32. On information and belief, the cost of repairing and replacing the fire-damaged property ended up being only $152,000.00, resulting in a $40,000.00 profit/windfall to the Board and the Association from the insurance proceeds.
33. On information and belief, as a result of the profit/windfall, the Board and Association were never required to advance a $10,000.00 deductible.
34. Accordingly, any determination by the Board and the Association to pursue to the $10,000.00 deductible from Gelinas, would necessarily have not been an act to recoup the deductible, but rather an effort to profit off the insurer and Gelinas."

         ¶ 5 According to plaintiff's second amended complaint, on September 26, 2013, plaintiff received an email containing correspondence that was purportedly sent to him by the Association on September 23, 2013. The Association's correspondence allegedly informed plaintiff that he was being assessed $10,000.00 as reimbursement due the Association for the deductible it had paid.[2] Plaintiff requested a hearing to contest the validity of the "charge-back" for the deductible. Plaintiff's second amended complaint alleged that on October 21, 2013, plaintiff was informed via email that the Board had scheduled the hearing for October 23, 2013 at 6:30 p.m. Plaintiff further alleged that when the hearing was conducted, it was a closed meeting and he was the only Association member who had been given notice. Also, plaintiff alleged that after the hearing, the Board failed to vote on the issue of whether he should validly incur the $10,000 charge-back. On October 29, 2013, plaintiff was informed he was being assessed the $10,000 deductible.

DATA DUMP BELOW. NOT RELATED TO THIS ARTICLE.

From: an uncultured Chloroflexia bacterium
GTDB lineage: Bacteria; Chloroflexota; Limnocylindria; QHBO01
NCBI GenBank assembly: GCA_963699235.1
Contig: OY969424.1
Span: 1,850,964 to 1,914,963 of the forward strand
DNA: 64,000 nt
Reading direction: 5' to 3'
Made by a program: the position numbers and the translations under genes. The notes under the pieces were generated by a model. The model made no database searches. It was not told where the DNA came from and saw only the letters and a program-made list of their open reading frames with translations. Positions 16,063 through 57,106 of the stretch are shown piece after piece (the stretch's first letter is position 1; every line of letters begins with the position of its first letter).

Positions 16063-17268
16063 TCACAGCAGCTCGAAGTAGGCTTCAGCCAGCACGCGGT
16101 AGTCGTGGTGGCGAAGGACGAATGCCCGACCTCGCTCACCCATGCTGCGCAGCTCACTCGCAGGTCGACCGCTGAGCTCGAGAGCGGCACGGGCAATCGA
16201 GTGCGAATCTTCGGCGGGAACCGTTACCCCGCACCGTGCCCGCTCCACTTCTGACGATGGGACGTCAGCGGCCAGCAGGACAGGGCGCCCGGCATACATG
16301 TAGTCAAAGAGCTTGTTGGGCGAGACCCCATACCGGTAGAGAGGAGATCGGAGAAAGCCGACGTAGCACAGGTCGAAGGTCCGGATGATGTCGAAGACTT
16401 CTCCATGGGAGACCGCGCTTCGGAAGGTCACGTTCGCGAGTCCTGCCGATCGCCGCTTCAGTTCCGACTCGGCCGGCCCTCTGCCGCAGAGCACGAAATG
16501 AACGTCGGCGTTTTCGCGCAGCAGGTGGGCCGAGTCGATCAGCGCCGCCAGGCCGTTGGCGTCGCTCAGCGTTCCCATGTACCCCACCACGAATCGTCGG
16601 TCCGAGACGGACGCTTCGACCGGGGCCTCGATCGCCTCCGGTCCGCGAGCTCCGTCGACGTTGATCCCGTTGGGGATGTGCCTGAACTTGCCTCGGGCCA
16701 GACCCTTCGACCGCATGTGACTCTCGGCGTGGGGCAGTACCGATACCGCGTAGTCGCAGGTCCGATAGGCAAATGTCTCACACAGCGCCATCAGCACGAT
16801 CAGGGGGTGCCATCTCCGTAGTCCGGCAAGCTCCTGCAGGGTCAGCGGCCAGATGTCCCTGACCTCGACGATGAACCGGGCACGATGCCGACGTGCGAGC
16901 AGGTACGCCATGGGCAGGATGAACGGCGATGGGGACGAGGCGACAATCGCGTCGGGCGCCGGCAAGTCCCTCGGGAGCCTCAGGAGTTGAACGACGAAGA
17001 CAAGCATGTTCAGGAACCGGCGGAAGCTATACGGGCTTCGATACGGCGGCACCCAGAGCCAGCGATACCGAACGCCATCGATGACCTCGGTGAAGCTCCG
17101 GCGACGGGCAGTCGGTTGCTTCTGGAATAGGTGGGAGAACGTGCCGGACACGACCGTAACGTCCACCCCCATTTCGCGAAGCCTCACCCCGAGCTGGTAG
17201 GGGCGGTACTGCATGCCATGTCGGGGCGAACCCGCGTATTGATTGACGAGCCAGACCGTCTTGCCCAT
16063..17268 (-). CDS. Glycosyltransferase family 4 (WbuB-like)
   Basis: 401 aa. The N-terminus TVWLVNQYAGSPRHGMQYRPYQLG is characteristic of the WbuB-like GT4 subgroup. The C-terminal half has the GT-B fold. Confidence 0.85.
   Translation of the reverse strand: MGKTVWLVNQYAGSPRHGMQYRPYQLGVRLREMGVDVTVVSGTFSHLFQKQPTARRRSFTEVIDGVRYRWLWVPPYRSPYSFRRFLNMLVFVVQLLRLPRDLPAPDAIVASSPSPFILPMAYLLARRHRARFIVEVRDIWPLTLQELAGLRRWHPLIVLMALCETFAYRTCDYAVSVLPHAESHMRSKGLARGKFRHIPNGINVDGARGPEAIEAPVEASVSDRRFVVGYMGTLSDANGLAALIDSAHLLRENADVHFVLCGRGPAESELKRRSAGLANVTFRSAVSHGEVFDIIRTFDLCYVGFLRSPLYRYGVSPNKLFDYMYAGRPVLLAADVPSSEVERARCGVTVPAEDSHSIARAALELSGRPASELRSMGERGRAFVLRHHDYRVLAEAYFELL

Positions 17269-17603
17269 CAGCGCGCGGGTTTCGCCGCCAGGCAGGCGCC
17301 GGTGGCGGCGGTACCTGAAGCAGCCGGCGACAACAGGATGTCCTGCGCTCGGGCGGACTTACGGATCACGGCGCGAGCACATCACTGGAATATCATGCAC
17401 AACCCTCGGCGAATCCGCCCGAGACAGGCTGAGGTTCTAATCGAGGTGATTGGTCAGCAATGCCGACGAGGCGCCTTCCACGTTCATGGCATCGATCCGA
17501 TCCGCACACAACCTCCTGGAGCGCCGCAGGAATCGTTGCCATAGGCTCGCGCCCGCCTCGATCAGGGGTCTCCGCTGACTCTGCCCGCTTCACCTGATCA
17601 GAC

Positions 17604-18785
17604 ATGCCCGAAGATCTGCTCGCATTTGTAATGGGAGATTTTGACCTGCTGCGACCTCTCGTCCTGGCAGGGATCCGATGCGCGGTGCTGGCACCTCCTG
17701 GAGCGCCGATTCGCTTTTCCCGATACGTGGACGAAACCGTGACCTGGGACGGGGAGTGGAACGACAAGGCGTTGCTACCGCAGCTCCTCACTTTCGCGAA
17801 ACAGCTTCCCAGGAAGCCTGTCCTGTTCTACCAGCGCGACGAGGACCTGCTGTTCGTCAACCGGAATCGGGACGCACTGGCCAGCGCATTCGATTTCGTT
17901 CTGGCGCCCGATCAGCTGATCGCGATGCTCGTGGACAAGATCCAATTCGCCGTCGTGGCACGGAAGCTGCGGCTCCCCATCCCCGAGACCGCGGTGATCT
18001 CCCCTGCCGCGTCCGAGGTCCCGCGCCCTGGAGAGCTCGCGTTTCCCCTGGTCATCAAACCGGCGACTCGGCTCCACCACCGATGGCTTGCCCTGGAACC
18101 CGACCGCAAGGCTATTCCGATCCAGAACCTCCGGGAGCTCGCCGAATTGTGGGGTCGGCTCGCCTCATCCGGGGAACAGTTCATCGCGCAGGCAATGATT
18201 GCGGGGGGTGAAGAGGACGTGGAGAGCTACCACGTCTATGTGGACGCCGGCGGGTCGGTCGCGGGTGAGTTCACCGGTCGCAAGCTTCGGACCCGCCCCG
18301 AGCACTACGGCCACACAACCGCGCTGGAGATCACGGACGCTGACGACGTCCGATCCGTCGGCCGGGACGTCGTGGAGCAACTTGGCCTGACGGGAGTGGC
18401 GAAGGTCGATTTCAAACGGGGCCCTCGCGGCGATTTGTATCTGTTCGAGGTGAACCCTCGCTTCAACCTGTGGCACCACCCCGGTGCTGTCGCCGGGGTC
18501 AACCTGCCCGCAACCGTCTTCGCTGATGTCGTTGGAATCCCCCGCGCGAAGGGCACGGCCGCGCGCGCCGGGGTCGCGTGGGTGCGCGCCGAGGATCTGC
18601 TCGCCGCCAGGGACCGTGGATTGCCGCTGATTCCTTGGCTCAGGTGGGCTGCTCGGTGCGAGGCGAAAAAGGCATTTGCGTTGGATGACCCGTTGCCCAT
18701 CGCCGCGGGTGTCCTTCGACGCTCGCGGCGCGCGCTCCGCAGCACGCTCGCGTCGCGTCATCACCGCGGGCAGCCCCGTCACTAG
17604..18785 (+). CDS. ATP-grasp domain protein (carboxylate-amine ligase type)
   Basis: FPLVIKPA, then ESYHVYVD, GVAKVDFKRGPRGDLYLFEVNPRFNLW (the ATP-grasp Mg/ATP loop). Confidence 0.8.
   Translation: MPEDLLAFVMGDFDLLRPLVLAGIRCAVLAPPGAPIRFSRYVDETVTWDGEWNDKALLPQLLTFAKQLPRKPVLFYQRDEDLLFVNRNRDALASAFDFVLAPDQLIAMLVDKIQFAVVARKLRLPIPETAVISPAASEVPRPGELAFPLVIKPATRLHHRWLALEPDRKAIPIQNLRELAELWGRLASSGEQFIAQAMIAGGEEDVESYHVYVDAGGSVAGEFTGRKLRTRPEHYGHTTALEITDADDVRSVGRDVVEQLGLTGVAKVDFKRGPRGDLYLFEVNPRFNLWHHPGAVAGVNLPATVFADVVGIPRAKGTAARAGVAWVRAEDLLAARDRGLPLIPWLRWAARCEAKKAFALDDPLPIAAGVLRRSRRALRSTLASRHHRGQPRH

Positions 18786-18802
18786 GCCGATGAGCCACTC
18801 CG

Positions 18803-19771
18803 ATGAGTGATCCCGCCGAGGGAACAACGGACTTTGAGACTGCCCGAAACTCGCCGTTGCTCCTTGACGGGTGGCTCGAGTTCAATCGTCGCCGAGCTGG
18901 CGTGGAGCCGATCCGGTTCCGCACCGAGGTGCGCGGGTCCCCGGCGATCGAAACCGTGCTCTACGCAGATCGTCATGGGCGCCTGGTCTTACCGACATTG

¶ 6 Plaintiff submitted a check dated February 11, 2014, for $10,000. He subsequently filed his original complaint in circuit court on March 4, 2014. The parties conducted some discovery and engaged in motion practice, with defendants filing two motions to dismiss prior to the motion to dismiss that is at issue here. The court granted in part and denied in part defendant's first motion to dismiss on October 6, 2014. Subsequently, plaintiff sought and was granted leave to file his first amended complaint. Defendants filed a motion to dismiss the first amended complaint and the court again granted it in part and denied it in part. In doing so, the court also granted plaintiff leave to file his second amended complaint, which he did on July 23, 2015. Plaintiff's second amended complaint contained the following five counts: (I) constructive trust against the Association and the Board; (II) breach of contract against the Association and the Board; (III) breach of fiduciary duty against the Association and the Board; (IV) punitive damages against the Association and the Board; and (V) action to compel examination of records against the Association and the Board. Count V[3] was brought pursuant to sections 19(a)(1-5) and (b) of the Act, which requires an association's board of managers to keep and maintain certain records and also grants all members of an association the right to inspect, examine, and make ...